GM: I want to ask about “Just Like That” and “Down the Hall.” These are both written by you, they’re both story songs, they’re both true, and they both just leveled me. They’re both about appreciating life in the end.

BR: Oh, thank you! I mean, I’m sorry to upset you! (laughs) They upset me, too. I had really mined my own personal life for a lot of the songs I wrote for the last bunch of albums. I covered a lot of topics, “Tangled and Dark,” “Spit of Love,” “The Ones We Couldn’t Be,” “One Part Be My Lover” — there’s a lot of songs. I just didn’t want to go over territory I had already covered. I was so inspired by Jackson Browne’s early records and Bob Dylan’s first two albums, and then my friend John Prine, the way he crawled into that woman’s life and heart in “Angel from Montgomery” and “Donald and Lydia” and “Hello in There,” there’s nobody better.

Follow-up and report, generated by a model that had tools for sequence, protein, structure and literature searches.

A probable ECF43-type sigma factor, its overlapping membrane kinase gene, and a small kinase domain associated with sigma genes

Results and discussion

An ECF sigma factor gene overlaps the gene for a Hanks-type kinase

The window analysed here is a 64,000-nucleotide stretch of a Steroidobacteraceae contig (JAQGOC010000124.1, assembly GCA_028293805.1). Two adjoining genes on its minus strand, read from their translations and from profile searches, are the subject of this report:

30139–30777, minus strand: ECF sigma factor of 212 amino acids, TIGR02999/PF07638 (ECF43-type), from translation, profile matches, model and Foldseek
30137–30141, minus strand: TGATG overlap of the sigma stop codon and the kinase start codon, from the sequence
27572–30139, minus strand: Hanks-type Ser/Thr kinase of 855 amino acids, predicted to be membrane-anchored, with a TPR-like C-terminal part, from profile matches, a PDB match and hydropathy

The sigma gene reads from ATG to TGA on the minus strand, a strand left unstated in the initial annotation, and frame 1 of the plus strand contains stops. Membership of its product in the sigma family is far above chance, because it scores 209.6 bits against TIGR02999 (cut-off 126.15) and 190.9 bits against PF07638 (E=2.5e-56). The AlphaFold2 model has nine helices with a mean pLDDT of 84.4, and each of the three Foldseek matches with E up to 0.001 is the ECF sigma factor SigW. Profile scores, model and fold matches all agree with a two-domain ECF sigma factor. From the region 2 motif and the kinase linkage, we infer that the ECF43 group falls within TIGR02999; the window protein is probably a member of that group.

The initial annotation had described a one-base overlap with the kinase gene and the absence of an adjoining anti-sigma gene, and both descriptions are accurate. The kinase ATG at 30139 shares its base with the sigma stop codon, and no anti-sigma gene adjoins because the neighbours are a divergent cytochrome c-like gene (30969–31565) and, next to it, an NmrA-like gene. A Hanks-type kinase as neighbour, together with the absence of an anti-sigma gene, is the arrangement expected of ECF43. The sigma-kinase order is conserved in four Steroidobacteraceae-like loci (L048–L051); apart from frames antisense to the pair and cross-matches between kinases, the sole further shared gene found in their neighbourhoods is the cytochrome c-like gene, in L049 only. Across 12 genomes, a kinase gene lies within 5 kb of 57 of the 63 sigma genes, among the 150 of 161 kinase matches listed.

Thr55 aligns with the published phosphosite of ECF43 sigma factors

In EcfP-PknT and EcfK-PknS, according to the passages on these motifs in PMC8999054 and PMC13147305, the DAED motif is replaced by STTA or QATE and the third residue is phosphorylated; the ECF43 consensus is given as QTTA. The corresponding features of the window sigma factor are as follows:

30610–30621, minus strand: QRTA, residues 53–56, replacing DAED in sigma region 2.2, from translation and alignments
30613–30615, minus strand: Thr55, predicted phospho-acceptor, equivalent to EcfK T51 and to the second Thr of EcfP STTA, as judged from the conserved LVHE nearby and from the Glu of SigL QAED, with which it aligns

I wrote the lyrics for both those songs in 2019. I didn’t put them to music until right before I recorded in June (2021). I just wanted the songs to write themselves. I just sat there with my guitar. “Just Like That” was completely inspired by John Prine. I tuned to open tuning for “Down the Hall.” Paul Brady, I love that Celtic music. You know, Bob Dylan credits Paul Brady’s “Arthur McBride” in a lot of his work, where he gets his ideas on “Masters of War.” Four or five of his songs on his early records are inspired by the Irish Celtic tradition. Open-tuning songs just kind of write themselves that way. They have that melody built in.

GM: I interviewed Spider John Koerner just before the pandemic. You recorded one of his songs on your first album. What do you have to say about Spider John or Koerner, Ray & Glover and their impact on your work?